Over the top, into no man’s land…
The purpose of this blog is to host a quixotic project of mine; I will attempt to visit all the sights in Ian Nairn’s 1966 masterpiece Nairn’s London, shortly to be reprinted for the first time in decades. Jonathan Meades rightly points out that this tour-de-force succeeds as a piece of extraordinary writing, and that only the most witless would carry it into the streets and actually use it as a guide book; this always struck me as a call to arms.
Large parts of 2014’s London will of course be unrecognisable from the London of 1966, as Wren has given way to Renzo and Cockney to Jafaican. Robert Peston wrote the other day that London was one of six new city-states that controlled the world’s capital (completing this rogue’s gallery were New York, Dubai, Singapore, Hong Kong and Tokyo). I thought it might be instructive -if depressing- to see what has survived, what has had its function changed or withdrawn, what has vanished altogether.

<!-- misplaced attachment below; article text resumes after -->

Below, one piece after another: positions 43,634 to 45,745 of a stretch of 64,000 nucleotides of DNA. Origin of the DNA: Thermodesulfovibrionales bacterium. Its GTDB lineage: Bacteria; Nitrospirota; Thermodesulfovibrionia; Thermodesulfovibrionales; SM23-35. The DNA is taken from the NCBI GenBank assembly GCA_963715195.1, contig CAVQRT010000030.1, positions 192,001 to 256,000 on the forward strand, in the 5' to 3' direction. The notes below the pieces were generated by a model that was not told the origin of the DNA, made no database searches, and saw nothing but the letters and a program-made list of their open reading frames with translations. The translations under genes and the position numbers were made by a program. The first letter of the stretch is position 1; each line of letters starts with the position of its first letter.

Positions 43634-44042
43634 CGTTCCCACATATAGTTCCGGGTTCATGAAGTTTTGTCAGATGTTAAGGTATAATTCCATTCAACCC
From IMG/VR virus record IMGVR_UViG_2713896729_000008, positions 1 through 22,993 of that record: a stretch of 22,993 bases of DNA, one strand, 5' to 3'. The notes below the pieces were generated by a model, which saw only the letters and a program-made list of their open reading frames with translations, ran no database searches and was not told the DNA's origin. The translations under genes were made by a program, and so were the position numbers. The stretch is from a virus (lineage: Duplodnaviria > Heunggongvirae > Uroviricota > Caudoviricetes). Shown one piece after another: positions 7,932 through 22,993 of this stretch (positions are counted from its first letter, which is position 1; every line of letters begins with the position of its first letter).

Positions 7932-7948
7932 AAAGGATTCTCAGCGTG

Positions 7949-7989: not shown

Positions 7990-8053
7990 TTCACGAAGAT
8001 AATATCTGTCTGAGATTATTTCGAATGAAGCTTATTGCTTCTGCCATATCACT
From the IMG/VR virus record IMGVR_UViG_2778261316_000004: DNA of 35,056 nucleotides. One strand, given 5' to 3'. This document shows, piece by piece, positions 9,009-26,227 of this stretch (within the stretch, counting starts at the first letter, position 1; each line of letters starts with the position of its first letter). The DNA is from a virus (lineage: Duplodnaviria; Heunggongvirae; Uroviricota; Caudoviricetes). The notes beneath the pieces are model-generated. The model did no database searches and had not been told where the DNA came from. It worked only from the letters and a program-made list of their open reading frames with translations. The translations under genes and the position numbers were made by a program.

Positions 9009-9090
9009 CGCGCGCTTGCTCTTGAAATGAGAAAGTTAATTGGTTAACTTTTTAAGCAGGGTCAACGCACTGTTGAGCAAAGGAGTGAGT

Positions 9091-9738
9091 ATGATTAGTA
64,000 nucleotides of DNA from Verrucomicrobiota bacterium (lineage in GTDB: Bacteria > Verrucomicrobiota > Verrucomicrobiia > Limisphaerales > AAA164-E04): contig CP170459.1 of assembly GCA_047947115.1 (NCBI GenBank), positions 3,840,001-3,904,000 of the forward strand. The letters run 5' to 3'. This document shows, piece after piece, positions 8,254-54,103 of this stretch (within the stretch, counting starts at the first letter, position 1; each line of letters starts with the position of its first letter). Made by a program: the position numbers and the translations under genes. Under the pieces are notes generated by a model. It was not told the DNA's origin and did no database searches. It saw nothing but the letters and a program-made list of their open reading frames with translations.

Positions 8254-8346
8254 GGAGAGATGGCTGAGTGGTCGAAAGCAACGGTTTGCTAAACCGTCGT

It would feel rather a cop-out to simply take photos and copy out the brilliant, highly individualistic opinions of a dead man, so I shall attempt to give my personal impressions of the places I visit. I make no claim to speak with authority, as my training in architecture is comparable to my training in photography (nil); nor do I claim to be able to read a place “like a detective novel”, but I’ll give it a go.
I will deviate from Nairn’s itinerary if anything off-the-list catches my roving eye, and I might break the routine by writing about other places which I have visited, yearn to visit, or are simply on my mind.